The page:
The Saddest Village in Israel

Plans to build more than 250 luxury homes on the ruins of the Palestinian village of Lifta are coming to fruition. A tour among the homes of the stunning village with one of its last living refugees

Send in e-mailSend in e-mail
Send in e-mailSend in e-mail

This is the saddest village in Israel and probably the most beautiful, too. There’s nothing else like it: a ghost village, many of whose homes are still standing, with a hole in the roof, courtesy of Israel, to prevent them for being reused. The 60 or so homes that remain, of two and sometimes three stories, are planted on the slope of the hill and blend masterfully into the natural landscape. Each floor of the buildings, fashioned from stone and graced with arches, tells the story of a different period and a different style of construction. Lifta is a rare architectural gem, a monument to what was once here in this country, mute testimony to a way of life that was abruptly cut off. A mosque, olive presses and a flour mill, remains of picturesque balconies, a tiled path leading to the spring, which was one the village’s throbbing heart and whose waters are now in use by yeshiva students and “hilltop youth” in the “between the times” vacation that follows Tisha B’Av.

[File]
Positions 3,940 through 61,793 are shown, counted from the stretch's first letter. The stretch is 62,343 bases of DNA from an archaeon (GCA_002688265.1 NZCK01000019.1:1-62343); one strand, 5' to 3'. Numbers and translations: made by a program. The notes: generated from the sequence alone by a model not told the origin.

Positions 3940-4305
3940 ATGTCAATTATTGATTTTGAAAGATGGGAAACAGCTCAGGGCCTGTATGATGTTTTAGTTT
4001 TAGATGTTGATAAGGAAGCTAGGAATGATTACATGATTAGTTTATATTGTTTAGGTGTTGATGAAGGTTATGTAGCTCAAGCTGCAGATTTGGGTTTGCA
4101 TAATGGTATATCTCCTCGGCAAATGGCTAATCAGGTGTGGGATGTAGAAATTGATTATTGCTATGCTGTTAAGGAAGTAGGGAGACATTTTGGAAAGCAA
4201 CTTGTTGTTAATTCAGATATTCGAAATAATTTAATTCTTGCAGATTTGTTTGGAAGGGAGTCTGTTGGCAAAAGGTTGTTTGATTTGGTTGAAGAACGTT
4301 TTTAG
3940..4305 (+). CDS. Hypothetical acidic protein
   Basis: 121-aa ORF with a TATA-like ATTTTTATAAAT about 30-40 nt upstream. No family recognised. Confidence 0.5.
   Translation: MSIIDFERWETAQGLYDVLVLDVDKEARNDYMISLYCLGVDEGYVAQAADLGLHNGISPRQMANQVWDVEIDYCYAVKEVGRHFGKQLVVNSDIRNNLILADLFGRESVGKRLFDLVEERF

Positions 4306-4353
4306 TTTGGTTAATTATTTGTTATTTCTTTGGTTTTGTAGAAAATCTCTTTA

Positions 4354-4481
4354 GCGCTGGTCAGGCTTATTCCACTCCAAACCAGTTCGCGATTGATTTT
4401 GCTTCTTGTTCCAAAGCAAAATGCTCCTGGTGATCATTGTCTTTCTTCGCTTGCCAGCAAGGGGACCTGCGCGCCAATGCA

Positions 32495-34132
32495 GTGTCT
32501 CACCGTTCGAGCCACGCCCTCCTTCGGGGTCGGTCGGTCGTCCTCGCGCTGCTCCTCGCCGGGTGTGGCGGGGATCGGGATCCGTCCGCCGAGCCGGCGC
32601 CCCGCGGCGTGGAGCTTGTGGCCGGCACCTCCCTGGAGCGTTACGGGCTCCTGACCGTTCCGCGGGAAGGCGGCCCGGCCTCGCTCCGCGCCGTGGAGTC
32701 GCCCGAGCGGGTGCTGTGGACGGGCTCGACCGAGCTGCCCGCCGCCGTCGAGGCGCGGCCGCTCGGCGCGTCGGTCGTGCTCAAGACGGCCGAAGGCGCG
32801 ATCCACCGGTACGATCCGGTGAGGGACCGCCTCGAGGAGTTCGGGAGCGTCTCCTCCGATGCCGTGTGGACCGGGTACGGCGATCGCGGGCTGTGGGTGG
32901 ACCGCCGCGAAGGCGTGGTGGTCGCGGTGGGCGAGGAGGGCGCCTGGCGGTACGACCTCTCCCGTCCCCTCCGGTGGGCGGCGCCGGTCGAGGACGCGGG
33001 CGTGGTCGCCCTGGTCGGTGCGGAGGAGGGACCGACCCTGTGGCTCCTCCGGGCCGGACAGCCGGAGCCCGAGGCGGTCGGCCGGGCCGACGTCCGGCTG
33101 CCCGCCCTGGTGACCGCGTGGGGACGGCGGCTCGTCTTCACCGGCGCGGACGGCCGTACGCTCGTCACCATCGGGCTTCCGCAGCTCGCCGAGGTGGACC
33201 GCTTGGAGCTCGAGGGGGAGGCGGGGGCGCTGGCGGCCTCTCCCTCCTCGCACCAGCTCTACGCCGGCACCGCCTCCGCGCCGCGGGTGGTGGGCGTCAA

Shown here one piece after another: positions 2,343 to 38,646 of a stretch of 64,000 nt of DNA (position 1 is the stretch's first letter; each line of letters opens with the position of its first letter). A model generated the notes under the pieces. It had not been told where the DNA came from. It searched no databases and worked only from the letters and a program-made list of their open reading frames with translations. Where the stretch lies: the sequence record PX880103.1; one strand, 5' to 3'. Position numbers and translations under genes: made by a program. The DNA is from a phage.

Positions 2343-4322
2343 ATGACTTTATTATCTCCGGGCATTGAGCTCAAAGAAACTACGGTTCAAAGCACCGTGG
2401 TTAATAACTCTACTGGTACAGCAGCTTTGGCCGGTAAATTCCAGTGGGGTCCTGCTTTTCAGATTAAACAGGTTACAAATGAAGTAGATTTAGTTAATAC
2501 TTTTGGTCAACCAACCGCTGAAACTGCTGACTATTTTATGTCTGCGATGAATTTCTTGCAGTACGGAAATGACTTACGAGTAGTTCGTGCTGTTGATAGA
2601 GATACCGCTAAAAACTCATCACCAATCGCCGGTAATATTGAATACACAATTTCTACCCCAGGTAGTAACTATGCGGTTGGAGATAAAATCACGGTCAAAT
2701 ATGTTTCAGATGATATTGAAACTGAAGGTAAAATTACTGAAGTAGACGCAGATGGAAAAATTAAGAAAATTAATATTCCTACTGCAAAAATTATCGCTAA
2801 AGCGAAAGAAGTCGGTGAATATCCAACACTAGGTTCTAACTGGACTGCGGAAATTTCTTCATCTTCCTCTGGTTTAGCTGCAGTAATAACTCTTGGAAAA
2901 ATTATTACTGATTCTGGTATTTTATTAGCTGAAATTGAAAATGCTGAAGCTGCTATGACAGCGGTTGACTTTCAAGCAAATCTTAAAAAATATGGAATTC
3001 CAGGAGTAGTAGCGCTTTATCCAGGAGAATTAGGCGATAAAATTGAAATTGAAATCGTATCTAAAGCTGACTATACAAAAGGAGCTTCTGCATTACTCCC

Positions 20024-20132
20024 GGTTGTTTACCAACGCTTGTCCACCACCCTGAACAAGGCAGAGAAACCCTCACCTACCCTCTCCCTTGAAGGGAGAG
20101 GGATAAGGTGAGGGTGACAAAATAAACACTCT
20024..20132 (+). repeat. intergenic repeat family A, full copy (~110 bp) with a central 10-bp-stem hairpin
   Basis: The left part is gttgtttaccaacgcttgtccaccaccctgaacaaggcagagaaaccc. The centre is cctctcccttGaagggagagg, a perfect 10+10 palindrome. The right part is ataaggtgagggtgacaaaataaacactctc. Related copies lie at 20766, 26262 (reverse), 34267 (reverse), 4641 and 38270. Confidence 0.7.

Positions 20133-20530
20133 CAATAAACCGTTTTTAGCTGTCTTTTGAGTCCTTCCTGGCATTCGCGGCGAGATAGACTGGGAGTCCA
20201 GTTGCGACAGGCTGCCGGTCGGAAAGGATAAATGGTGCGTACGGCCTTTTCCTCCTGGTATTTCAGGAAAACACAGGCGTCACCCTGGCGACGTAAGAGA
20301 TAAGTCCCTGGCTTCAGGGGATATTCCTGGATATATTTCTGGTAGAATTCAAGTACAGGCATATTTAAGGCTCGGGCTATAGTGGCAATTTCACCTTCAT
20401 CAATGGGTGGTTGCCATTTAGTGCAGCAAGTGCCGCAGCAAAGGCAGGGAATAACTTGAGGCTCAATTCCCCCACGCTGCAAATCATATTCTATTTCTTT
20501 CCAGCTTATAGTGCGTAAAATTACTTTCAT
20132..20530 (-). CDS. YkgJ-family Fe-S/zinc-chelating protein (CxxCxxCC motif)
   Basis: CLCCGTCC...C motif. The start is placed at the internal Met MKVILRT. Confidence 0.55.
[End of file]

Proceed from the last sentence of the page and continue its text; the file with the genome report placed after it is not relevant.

Comments

SUBSCRIBERS JOIN THE CONVERSATION FASTER

Automatic approval of subscriber comments.

Subscribe today and save 40%

Already signed up? LOG IN

ICYMI

Soldiers using warfare devices made by the Israeli defense electronics company Elbit Systems.

Russia-Ukraine War Catapults Israeli Arms Industry to Global Stage

Flame and smoke rise during an Israeli air strike, amid Israel-Gaza fighting, in Gaza City August 6, 2022.

Israel Should End Gaza Operation Now, if It Can

Rio. Not all Jewish men wear black hats.

What Does a Jew Look Like? The Brits Don't Seem to Know

Karolina Bielowka.

'My Uncle Told Me, ‘Go on the Trip of Your Life, Go Dig in Israel.’ So I Did'

The replica ship, 'Ma’agan Mikhael II,' sailing from Haifa to Acre in northern Israel.

Replica of 2,400-year-old Ship Solves Ancient Mediterranean Mystery

File photo: Bus operated by Kavim company.

Ultra-Orthodox Extremists Assault Woman for Sitting at Front of Jerusalem Bus